There are two settings for eVR: off (default) and auto. Even with eVR turned off, images that may benefit from eVR may be manually post-processed if they are marked with an "OK: eVR" tag when viewed in playback mode. In auto mode, eVR will operate only if the flash is off or set to slow sync, shutter speed is low, and shooting mode is single, not continuous. It also won't activate at ISO 800 or above.

Overall, while eVR is certainly preferable to ISO ramping digital image stabilization systems, its hybrid nature makes it somewhat less effective than true optical/mechanical image stabilization.

Battery Life

Nikon lists battery life for the S210 as approximately 220 shots. Not having a spare for this review, I kept the battery charged before each day in the field and didn't get an independent measure of battery performance. Carry a spare, just in case.


IMAGE QUALITY

The S210 produced very nice images in natural light or with flash illumination, certainly as good overall as any similar camera I've reviewed.

Nikon Coolpix S210
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Images at default settings in the S210 displayed pleasant and accurate color, and while there is no sharpening setting available in the camera, I was happy with the sharpness right out of the box.

Nikon Coolpix S210
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Nikon Coolpix S210
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Nikon Coolpix S210
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Nikon Coolpix S210
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Exposure, Processing and Color

The S210 uses a 256 segment center-weighted matrix metering system for all exposures with lens settings less than 2x digital zoom, and a spot metering system for 2x digital zoom and above. Since I never use digital zoom (and you probably shouldn't either), I was left to rely on the center-weighted system, which did not let me down. I didn't get a chance to shoot any surf on a sunny day, which is my usual "let's see how the camera deals with high contrast" test, but the S210 did well in a variety of lighting and subject conditions. I would expect the S210 to lose highlights in some extreme contrast situations (most cameras will), but there is easily-accessed exposure compensation available as an adjustment for such cases.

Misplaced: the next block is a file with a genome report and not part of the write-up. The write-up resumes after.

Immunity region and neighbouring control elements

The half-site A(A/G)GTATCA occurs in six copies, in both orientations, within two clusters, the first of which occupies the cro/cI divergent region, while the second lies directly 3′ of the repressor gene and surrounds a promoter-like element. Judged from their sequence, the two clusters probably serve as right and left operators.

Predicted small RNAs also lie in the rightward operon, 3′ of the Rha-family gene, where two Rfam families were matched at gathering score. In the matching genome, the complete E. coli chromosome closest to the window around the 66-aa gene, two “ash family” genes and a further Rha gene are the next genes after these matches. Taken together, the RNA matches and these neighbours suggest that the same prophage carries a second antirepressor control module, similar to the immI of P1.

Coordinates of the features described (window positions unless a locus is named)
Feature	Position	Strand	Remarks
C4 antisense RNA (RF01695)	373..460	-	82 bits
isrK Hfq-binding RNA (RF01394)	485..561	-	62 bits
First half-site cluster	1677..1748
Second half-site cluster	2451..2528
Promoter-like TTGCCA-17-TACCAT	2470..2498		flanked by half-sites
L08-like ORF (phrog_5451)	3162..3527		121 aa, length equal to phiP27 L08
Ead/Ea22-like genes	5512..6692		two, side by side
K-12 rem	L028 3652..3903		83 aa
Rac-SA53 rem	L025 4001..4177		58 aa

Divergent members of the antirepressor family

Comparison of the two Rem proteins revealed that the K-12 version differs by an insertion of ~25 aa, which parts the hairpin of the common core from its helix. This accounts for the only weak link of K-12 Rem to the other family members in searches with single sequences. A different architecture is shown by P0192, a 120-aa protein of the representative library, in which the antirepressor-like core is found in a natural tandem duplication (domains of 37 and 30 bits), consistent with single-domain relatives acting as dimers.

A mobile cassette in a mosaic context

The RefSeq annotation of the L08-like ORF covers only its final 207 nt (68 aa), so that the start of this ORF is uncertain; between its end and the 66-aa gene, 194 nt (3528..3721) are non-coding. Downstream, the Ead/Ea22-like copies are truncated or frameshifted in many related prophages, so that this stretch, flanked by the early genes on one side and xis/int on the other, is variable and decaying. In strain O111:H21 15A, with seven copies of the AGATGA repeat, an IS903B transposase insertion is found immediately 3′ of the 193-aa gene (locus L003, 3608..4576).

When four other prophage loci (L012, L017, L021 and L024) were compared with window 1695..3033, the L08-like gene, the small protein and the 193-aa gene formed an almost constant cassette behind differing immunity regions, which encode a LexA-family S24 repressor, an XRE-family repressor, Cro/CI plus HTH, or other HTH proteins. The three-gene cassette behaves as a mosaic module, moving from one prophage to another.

Nikon Coolpix S210
Standard (view large image)
Nikon Coolpix S210
Vivid (view large image)
Nikon Coolpix S210
Black and White (view large image)
Nikon Coolpix S210
Sepia (view large image)
Nikon Coolpix S210
Cyanotype (view large image)

There are Standard, Vivid, Black and White, Sepia, and Cyanotype color options available. I didn't see a lot of difference between Standard and Vivid and tended to leave the camera in Vivid.

White Balance

Auto white balance is the default setting and does a good job overall, although incandescent light shot with auto WB seemed a bit warm. Matching WB to specific light sources whenever possible produced good results, and there is a custom setting available.

Lens Faults

The S210 lens demonstrated barrel distortion (straight lines bow out from center of image) at wide angle, and pincushion distortion (straight lines bow in toward center of image) at telephoto. In both cases the defects were not extreme and I didn't really notice any impact on the "real world" shots I took, but images of subjects with straight lines can be impacted.

Nikon Coolpix S210
Wide-Angle (view large image)
Nikon Coolpix S210
Telephoto (view large image)

There was purple fringing present in high contrast boundary areas, but it became objectionable only above 100 percent enlargement in most cases (it was severe enough to be noticed at print sizes in a few sample shots). Still, I would not expect it to routinely be a factor in normal-sized images. There was also some softness in the corners and edges at wide angle and telephoto, but again, given the overall quality of the images produced by the camera, all these faults taken together aren't of significant impact.

Sensitivity and Noise

The S210 ISO sensitivity ranges from 64 to 2000, and upon close examination of the crops exhibits the typical noise progression I've come to expect in compact digitals – the first couple of settings (64, 100) are fairly indistinguishable; steady increases at 200, 400 and 800; a big jump between 800 and 1600; and a lesser falloff between 1600 and 2000.